As an interim measure an International Coal Tax should be levied per tonne on internationally traded coal. Given Australia's dominance of the global coal trade, it is incumbent upon Australia to initiate this proposal. The fact that coal is a highly visible commodity will assist implementation. Administratively, the tax could operate in a manner similar to that proposed for the Tobin tax on international currency transactions. An export tax on coal will serve as a precursor to the introduction of a more general global carbon tax.
This tax would operate in addition to proposed trading schemes for carbon dioxide emissions. International agreement may be easier to secure than for general agreements because of the more limited number of exporters involved and because incentive could be provided in that revenues from the International Coal Tax could be used to compensate exporters and to assist them in restructuring their domestic energy production industries. Higher world coal prices would provide incentives for diversification of energy production globally. A similar tax, by agreement, should be applied to coal for domestic use, in all countries. The tax could be introduced at a rate of US$5.00 per tonne of coal, rated by carbon content. (This is equivalent to a tax of about $1.60 per tonne of emitted carbon dioxide.) The tax would then be increased by an additional $5.00 per a year, indefinitely. A proportion of the International Coal Tax revenue would be used to assist developing countries with the required adjustment.
Whatever the eventual details may be, it is obvious that some measures of this kind are required. They will be expensive and initially unpopular. The costs of doing nothing however, in terms of future global climatic catastrophe, may be far higher. In offering reasoned and rational policies, the imperatives of human survival can provide persuasive arguments.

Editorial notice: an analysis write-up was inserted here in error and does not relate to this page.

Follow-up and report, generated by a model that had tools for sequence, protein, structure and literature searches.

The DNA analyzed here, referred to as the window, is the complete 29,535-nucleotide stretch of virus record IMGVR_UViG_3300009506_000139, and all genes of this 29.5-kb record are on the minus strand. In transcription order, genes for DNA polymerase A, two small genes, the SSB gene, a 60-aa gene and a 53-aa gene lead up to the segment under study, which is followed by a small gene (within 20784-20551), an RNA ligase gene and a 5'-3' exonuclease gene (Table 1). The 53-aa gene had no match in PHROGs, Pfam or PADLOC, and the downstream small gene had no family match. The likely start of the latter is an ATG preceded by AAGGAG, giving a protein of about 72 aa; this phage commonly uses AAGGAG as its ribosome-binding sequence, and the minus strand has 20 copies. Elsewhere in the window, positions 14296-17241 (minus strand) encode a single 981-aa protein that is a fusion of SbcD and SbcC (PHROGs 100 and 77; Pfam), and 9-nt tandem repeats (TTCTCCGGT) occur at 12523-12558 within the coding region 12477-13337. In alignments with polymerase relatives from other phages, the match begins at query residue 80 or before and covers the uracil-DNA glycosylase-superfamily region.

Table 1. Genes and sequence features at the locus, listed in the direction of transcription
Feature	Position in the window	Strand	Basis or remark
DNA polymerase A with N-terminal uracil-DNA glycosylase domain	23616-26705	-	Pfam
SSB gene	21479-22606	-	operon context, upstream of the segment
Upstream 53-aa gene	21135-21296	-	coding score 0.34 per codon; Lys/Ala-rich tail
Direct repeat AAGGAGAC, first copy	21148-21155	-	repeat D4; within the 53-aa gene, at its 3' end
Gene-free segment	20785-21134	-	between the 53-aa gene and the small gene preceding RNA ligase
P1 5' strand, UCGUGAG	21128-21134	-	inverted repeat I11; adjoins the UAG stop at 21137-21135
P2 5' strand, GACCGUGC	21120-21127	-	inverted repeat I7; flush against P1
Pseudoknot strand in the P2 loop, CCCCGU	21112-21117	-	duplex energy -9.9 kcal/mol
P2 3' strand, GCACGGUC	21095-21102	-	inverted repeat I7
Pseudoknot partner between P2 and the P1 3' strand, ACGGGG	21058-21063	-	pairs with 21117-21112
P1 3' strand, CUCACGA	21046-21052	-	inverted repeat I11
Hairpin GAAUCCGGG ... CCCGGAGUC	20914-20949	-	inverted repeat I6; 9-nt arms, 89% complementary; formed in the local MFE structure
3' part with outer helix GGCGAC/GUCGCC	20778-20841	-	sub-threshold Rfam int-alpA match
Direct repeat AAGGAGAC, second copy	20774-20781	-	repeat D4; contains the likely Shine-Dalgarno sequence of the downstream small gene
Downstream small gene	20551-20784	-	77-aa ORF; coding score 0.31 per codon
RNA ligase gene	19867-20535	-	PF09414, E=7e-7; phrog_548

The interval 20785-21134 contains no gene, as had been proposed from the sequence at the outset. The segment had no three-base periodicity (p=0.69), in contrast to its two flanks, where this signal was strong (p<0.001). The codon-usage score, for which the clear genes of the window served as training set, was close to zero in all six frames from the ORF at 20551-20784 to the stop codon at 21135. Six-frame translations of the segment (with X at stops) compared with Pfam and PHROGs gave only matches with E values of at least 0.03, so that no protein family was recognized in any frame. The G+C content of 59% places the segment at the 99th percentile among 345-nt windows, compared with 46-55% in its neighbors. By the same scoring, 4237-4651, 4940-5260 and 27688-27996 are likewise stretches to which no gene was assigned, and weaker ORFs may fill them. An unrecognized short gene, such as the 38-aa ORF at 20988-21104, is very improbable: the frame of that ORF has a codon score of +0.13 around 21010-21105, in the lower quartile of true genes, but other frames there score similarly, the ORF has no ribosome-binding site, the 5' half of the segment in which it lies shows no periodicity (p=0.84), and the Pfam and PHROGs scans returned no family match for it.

While all forms of renewable energy should be explored, the economics of which would become more viable with a higher coal price, it seems that the global restructuring or energy production world wide will be impossible without increased deployment of nuclear energy. The reason that Australia, per capita, has the highest per capita production of green house gasses in the world is because we do not have any nuclear power plants. Anomalously, we are a major uranium exporter. Like it or not, we must investigate the commissioning of the construction of nuclear power plants, as a matter of urgency.
Effectively dealing with the problem of global warming will likely require an international mobilisation of resources never before seen in peacetime. It will require an unprecedented level of goodwill and co-operation. This will not be achieved without the active promotion of a global ethic based on the universal values of compassion, honesty, freedom and justice. Instead the world is currently preoccupied with conflicts based on ancient religious ideologies that should have been confined to the dustbin of history centuries ago.
Few,even among climate scientists and ecologists, seem yet to realise fully the potential severity, or the imminence, of catastrophic global disaster; understanding is still in the conscious mind alone and not yet the visceral reaction of fear. We lack an intuitive sense, an instinct, that tells us when Gaia is in danger. James LovelockJoin us today